CSR Label portrait by Bart Plantega
For Radio 100 / Radio Patapoe, Amsterdam NL
The CSR catalog is also replete with examples of his other passions and obsessions: UR-Musig (2 CD set) [and UR-Musig vol. 2] [CD 91512, 91542] is a collection of three CDs that give an excellent sonic portrait of the incredibly interesting documentary UR-Musig, which in its non-narrative minimal-academic-musicological approach manages to capture a scene, a slice of life, a preserved instant of Appenzell (mountainfolk) life that is rendered with such loving care that one is blown away not only by the music, the mystical quality of the yodeling, the yodeled prayer calls, the zäureli or natural yodels without text, a kind of pagan scat singing, the accordion improvs, but the conviviality of one of the more isolated regions of Switzerland, the Appenzell.
Cyrill Schläpfer is one of those classic obsessed genius nerds. And yet, he is both very present as a guiding force but also very absent as an ego in the CSR catalog. A man of incredible focus and fervor that followed a number of musical stints in the rock and pop world with bands that should have made it. At one time he was all about denying and obliterating the traditional past of Swiss music which bears heavy paper-weight like clouds on the creative furrowed brows of many a sonic artist in Switzerland… I felt Cyrill's angst and irritation in Switzerland's inability to come to a happy detente between creativity and tradition. This is not entirely true either: I note that many of the Swiss experimenters in sound and song incorporate and employ traditional themes in their catalogs and repertoires. But, in general, yes. This makes the mission and musical catalog of Cyrill all the more important and controversial. Because in his growing dissatisfaction with the solipsistic pop world, Cyrill found himself turning ever more inventively back toward tradition, so far into tradition that he has managed to leave behind most of the bureacratic gargoyles of tradition. He admits to sometimes still really yearning to just be in a simple garage band…
In his pursuits of the 'true' traditional, Cyrill went so deep as to find a kind of Ur-music that is both mystical, improvisational, true folk in the sense that much of it is passed down not through sheet music but through cafe gigs and celebrations. The music is also actually somewhat "ignored" by the bureaucratic traditionalists. On CSR, his own label, he has put out a wide array of Swiss music including some worthy and necessary compilations that reassess Switzerland's small but not totally absent contribution to modern [post] pop music with Officiel Swiss Kult Hits [CD 91812]. Yello, for instance, are one of the most enduringly creative bands to emerge in the 80s. They managed to combine the best of Cabaret Voltaire with the best of new wave bands like Talking Heads and were the forerunners of hip complex and fun dance music that was picked up by bands like Was Not Was, Mano Negro, les Negresses Vertes, even Pizzicato Five... et al.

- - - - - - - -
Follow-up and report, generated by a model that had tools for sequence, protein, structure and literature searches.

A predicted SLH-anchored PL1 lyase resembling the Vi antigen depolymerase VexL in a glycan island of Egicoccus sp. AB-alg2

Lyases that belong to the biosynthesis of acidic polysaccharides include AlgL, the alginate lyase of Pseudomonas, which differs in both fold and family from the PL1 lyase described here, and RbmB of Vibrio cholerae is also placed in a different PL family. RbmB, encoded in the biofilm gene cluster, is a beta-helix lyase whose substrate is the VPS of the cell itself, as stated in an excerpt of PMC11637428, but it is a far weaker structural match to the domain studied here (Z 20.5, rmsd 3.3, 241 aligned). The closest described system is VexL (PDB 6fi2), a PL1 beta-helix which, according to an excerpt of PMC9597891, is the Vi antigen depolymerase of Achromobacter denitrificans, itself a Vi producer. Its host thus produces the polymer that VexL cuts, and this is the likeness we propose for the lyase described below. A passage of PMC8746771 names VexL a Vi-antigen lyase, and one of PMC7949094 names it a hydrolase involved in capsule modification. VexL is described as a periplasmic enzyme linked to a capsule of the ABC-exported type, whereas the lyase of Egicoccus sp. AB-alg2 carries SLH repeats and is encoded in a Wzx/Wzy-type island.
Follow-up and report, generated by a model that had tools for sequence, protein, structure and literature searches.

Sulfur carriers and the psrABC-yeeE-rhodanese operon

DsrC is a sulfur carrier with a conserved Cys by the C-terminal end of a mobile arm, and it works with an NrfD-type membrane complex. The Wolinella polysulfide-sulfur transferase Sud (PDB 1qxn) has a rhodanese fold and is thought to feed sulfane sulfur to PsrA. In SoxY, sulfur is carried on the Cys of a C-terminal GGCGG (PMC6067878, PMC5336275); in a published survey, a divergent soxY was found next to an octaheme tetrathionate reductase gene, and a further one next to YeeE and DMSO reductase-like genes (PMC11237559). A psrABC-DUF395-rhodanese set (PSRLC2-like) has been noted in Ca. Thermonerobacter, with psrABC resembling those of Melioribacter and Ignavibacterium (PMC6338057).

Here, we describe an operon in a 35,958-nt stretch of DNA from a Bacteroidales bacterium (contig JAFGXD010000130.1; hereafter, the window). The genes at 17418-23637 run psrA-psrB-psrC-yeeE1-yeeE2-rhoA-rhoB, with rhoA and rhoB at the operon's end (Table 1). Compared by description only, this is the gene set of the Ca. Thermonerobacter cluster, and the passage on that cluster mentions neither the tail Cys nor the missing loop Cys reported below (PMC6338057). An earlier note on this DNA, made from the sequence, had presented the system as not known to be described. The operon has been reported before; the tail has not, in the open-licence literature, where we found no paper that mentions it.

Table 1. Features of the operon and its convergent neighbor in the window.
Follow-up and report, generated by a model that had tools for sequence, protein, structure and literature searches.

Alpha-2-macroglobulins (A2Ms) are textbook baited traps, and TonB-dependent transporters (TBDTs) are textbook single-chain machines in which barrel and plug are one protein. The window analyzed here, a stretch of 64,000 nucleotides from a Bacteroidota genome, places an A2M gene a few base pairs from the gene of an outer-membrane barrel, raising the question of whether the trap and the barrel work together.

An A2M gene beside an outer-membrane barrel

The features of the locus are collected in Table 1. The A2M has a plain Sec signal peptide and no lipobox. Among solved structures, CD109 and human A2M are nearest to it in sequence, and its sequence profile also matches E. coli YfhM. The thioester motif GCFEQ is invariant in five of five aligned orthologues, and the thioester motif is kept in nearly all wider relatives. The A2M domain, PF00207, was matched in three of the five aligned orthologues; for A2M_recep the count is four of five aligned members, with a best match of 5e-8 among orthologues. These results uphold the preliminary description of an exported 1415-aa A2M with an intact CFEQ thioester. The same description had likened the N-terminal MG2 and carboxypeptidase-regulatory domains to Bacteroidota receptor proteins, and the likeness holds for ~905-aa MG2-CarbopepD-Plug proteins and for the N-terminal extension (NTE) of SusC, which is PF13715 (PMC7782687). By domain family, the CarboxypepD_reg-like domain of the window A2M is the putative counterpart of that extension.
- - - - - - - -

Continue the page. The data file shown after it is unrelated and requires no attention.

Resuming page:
Also included are bands like Kleenex/Liliput, one of the most inventive primitive funky off-kilter girl groups to emerge in the 1980s. In league with Bush Tetras and the Raincoats. Also the Young Gods, their refabrication of Brecht-Weill songs not withstanding, probably the best heavy metal band in the world. He has also brought attention to lesser known bands like Taxi, the Real Popes, Stephan Eicher, and more...
The two collections of traditional yodels on Rio 6 Starkä Tubak Älpler-Liedli und Jüüzli [CD 91752] and Rössli 7 Starkä Tubak Älpler-Liedli und Jüüzli [CD 91742] are a must if you want to hear real roots-style yodeling and the Swiss style accordion [a small non-chromatic thing made of wood]. Rio 6 is a fairly complete collection of the recent repertoire of the Pragelchörlis from the canton of Muotathal, here interpreted by Toni Büehler and others. Rössli 7 is a compilation of yodels from the Luzern and Brünig region. It includes material from the archives of the Entlebucher Älpler-Jodlergruppe Zihlmann and other work. The overall effect is like the best of Folkways ethnomusicological material - there is an absence of heavy academic framing/dictating although you are not totally left clueless as to where and how it all came about. Personal choices as gathered and assembled by Schläpfer.
['s Glüüt] on CSR are another in this series of incredibly enchanting soundscape CDs which are intoxicatingly representative sonic portraits of certain aspects of Swiss [vanshing] culture. "True Tone" volumes 1-5 including: ['s Glüüt vols. 1-2], [ 's Fahr Glüüt], [Les Sonailles] [CD 91522, 91532, 91482, 91492] is a series of ambient recordings of, yes, the pastoral / pastaural Swiss scenery. What do the Alps, the pastures, the rolling hills sound like? They are alive and filled with the atmospherically pregnant sounds of intoxicating cow bells of the herds grazing the steep rolling pastures. While [Morgeluft] [CD 91582] captures the sound of the lake Vierwaldstattersee, the lake which he lives near and which Luzern stretches along, 6-7:30 a.m., 6 May 1990. You can picture Schläpfer tromping around the Alps in the thin air, sneaking up on the herds with his sound equipment. Clear and resonant as a - well - as a bell.
"Echo der Zeit" on CSR. A great label producing an under-reegarded mad yodeler in the vein of Shelley Hirsch from a snowy peak. Inspired reinvention of ethno-über-music combining real yodeling with hints of other-worldly musics splintered and melted into a mix worthy of Hector Zazou.
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